The industry also agrees that there are three different classes of cloud computing: public clouds, private clouds, and hybrid clouds. They all share the same basic features -- the differences are in who is allowed access to the different clouds.
Public cloud computing is the most widely adopted class as well as the most thoroughly understood -- it's often considered the standard model of cloud computing. In a public cloud, a service provider makes IT resources, such as collaboration, CRM or payroll applications, storage capacity, or server compute cycles, available to any customer via the Internet.
A few public cloud offerings have already become such an ingrained part of the business community, such as Cisco's WebEx meeting space and Salesforce.com's Sales Cloud, many of their users aren't even aware that they're accessing applications in a cloud environment.
Cisco and Salesforce.com aren't the only major vendors to jump in with a public cloud offering -- WebEx is joined by Amazon Elastic Compute Cloud (EC2), Google Apps, and Microsoft Azure.
The benefits of cloud computing are compelling. In a public cloud, IT services are easy to set up via browser-based UIs, inexpensive with zero hardware and software costs, and can scale up or down depending on how much capacity you need at that moment. However, for many enterprise organizations, these benefits come with certain risks: no control over the resources in the cloud, the security of confidential data, network performance issues, and interoperability.
Private clouds mitigate these concerns, with the security of an internal network. Because the customer owns all of the equipment powering the cloud environment (often a very large data center), the customer has complete control over the IT resources as well as the data and is responsible for securing it. In a private cloud, enterprise IT resources are consolidated and pooled so users across the company can have self-service access and increased scalability. Also like a public cloud, a private cloud also makes provisioning an automated service request rather than a manual task processed by IT.
Unlike a public cloud, setting up shop in a private cloud requires expertise with network integration as well as with sophisticated virtualization and cloud platform technologies; you'll have to run your own hardware, storage, networking, hypervisor, and cloud software. Many names familiar to the enterprise now offer cloud platforms for build a private cloud, including Cisco and EMC, IBM, Microsoft, Oracle, and VMware, as well as services to help manage it. It's a market crowded also with smaller names, such as Cloud.com, Platform Computing, and Enomaly.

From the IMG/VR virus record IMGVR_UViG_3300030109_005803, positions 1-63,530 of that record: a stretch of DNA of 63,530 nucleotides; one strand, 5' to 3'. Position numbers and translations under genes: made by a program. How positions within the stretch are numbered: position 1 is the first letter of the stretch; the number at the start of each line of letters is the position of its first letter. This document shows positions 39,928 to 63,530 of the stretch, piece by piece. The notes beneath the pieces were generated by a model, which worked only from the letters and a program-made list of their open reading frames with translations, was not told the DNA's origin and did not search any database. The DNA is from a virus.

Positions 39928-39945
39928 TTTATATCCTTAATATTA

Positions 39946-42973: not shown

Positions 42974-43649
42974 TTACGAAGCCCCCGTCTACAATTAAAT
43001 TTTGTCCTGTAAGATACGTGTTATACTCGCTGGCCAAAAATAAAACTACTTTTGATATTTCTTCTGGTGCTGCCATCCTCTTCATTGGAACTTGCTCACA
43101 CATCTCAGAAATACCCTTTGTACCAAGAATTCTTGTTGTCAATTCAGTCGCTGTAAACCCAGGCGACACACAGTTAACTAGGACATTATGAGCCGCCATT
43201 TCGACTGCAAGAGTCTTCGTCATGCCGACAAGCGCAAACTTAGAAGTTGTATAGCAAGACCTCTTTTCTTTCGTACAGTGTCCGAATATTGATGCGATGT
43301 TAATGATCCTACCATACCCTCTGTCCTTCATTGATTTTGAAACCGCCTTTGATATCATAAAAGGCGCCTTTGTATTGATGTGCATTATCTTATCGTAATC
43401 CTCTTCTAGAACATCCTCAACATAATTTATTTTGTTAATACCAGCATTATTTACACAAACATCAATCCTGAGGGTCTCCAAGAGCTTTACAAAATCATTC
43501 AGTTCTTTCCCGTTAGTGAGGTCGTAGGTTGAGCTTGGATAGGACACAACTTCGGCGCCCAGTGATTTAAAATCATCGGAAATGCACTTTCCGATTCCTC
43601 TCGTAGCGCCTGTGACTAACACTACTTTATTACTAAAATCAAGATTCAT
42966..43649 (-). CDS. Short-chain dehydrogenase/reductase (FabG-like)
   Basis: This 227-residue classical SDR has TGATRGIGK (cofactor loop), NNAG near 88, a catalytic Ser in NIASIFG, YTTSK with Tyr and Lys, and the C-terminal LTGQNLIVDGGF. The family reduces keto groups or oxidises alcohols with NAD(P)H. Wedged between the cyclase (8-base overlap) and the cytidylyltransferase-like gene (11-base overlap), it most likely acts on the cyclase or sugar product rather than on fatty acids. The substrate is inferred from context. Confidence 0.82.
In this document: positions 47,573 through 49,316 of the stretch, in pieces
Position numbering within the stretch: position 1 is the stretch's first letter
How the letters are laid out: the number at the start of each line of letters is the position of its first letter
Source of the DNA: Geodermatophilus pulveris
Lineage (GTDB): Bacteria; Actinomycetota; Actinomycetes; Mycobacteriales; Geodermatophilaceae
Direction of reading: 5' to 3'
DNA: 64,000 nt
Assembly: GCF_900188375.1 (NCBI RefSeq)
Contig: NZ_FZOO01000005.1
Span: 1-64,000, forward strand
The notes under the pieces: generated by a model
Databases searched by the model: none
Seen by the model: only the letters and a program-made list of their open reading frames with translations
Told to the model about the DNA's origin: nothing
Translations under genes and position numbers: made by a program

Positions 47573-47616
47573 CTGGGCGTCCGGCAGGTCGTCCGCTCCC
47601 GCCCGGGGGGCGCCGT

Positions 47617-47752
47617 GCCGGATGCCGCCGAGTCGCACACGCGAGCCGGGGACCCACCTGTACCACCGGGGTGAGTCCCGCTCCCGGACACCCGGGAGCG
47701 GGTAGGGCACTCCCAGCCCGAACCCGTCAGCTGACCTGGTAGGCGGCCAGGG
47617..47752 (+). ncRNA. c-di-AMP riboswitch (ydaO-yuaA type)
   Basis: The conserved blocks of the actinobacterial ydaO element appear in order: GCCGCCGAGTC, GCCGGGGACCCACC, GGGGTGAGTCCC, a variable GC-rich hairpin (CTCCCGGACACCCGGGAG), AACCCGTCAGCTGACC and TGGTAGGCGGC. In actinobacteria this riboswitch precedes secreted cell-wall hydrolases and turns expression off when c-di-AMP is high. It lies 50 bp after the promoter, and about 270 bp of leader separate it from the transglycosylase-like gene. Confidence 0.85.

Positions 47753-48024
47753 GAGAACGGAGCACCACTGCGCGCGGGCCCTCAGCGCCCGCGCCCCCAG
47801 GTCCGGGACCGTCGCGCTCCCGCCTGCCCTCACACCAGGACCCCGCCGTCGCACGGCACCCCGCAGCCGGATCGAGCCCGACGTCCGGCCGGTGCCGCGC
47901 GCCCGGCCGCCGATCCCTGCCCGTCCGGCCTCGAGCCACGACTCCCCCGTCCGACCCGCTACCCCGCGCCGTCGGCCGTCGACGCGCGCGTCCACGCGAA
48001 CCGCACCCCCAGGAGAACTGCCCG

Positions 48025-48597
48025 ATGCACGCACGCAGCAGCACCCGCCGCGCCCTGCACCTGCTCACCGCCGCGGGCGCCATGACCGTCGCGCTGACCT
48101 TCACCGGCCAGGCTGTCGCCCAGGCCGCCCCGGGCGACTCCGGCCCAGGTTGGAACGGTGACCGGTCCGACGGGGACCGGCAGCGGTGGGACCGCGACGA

Public clouds may be the standard, but private clouds are taking hold in enterprises with surprising speed. In May 2010, research firm IDC reported that private cloud spending will soon dominate the sales of servers, with $12.4 billion in sales going towards creating cloud computing environments by 2014. The same report states that $718 million in server sales will be used for public clouds by the same year.
Hybrid clouds use a combination of internal resources, which stay under the control of the customer, and external resources delivered by a cloud service provider. Like the private model, a hybrid cloud lets an organization continue to use their existing data center equipment and keep sensitive data secured on the organization's own network. And like the public cloud, a hybrid model lets an organization take advantage of a cloud's almost unlimited scalability. It's a way to solve some of the trust issues of the public cloud while getting the public cloud's benefits.
Amazon's Virtual Private Cloud (VPC) is one of the leading examples of a hybrid cloud. Still in beta, VPC lets an organization securely connect its existing data center infrastructure to an isolated set of compute resources within the Amazon Web Services (AWS). With VPC, a company can also extend its security measures, such as firewalls and intrusion detection systems, to its AWS resources in the cloud.
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